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Mon, Dec 19, 2022

Japanese art according to Sophie Richard: Artistic exchanges between British and Japanese courts retraced at Queen’s Gallery

Placing the spotlight on a somewhat unusual theme, “Japan: Courts and Culture,” an exhibition that opened earlier this year (2022) in London, retraces the artistic and diplomatic exchanges between the British and the Japanese courts over a period of 350 years. For this occasion, The Queen’s Gallery, Buckingham Palace adopted a new, sober and very elegant scenography made of black or red walls and cases whose gently glossy surfaces are reminiscent of lacquer. Fascinatingly, most of the objects on view have been presented or commissioned by the Japanese imperial family.

Iwai Yozaemon, Armour, c. 1610
Sent to James I by Shōgun Tokugawa Hidetada in 1613

The exhibition starts fittingly with the very first gift from a Japanese ruler to reach the English court, an impressive armour sent by Shogun Tokugawa Hidetada to James I of England in 1613. Yet, a few years later, Japan’s military government would close the country to foreigners, thus cutting diplomatic relations with Britain for almost 250 years. During that period, monarchs would nevertheless continue to acquire Japanese artworks through traders, attesting to the vogue for exotic goods such as Japanese porcelain and lacquer cabinets.

Arita, Hizen Province, Hexagonal jars and covers, 167090
Acquired by Mary II

Ending its seclusion, and the long interruption in the exchange of gifts between the two countries, Japan sent an assortment of presents to Queen Victoria in 1860. Among them was a remarkable set of Yari, or spears. Measuring almost four meters in length, these luxurious objects (made between 1750 and 1850 for the blades and 1800 to 1850 for the mounts) are entirely covered in innumerable small pieces of mother-of pearl set in lacquer. They would have been carried by the entourage of a feudal lord during processions to pay homage to the shogun.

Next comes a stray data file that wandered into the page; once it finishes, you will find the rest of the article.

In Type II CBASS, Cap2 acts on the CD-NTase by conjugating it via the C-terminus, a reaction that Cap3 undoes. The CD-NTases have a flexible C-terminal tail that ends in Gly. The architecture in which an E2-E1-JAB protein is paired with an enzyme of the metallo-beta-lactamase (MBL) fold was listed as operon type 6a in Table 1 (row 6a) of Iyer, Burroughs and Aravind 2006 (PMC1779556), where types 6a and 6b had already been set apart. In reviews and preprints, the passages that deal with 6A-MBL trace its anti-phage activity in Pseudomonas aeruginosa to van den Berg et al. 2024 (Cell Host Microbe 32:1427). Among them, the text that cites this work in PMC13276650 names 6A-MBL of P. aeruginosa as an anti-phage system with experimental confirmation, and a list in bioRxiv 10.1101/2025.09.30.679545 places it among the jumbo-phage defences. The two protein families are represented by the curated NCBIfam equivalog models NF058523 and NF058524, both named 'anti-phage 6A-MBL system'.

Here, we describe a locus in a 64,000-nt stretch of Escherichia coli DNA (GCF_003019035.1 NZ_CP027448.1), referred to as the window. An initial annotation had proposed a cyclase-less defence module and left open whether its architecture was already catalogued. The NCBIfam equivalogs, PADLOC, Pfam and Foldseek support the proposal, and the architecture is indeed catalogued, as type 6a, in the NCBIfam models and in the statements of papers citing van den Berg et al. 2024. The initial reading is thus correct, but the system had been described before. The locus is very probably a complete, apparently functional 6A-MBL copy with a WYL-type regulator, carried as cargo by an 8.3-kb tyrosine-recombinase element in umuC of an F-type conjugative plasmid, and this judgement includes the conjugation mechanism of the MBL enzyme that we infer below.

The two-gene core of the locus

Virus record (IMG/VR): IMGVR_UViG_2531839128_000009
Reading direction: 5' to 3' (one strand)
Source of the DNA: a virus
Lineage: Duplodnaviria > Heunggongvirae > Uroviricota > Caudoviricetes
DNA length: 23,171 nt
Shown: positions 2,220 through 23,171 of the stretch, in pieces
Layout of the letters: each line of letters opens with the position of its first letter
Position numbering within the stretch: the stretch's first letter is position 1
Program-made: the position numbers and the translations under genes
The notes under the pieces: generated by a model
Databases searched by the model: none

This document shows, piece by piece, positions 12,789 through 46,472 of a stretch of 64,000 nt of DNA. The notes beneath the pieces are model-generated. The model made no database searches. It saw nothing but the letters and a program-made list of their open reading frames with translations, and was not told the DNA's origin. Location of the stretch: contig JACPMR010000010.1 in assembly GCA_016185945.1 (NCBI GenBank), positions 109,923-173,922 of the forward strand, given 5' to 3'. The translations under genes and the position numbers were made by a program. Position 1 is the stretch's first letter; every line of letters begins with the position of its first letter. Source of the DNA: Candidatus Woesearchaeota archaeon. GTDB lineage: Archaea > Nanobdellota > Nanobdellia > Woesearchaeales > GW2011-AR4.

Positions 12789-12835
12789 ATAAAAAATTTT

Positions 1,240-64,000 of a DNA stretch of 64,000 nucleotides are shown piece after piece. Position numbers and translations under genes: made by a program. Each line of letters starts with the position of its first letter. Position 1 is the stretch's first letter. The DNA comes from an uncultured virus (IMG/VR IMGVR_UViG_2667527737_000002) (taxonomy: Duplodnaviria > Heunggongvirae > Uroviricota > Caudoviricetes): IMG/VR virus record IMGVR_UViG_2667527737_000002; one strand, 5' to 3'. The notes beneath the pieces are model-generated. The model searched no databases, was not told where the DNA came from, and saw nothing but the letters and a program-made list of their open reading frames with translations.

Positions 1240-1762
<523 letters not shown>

Soon there were also personal contacts between the two courts, as members of the royal and imperial families began to travel between the two countries. Prince Alfred, Duke of Edinburgh, Queen’s Victoria’s second son, became the first foreign royal visitors to Japan in 1869. Over the course of four weeks, he acquired numerous works of art, many of which were exhibited to the public in the following years, to great acclaim.

The exhibition presents captivating examples of metalwork, lacquerwork and paintings.

Alongside highly polished decorative objects such as pairs of metal vases displaying intricate inlay techniques and complex decoration stands a cast iron vase (1900-1910) by the firm of Nizaemon whose rustic simplicity is a rare illustration in the exhibition of the wabi-sabi aesthetics. It was probably acquired by the Prince of Wales during his visit to Japan in 1922.

During her state visit to Japan in 1975, Queen Elizabeth II was presented with an eye-catching vase by Hamada Shoji, a leading potter of the twentieth century and pioneer of the Mingei movement.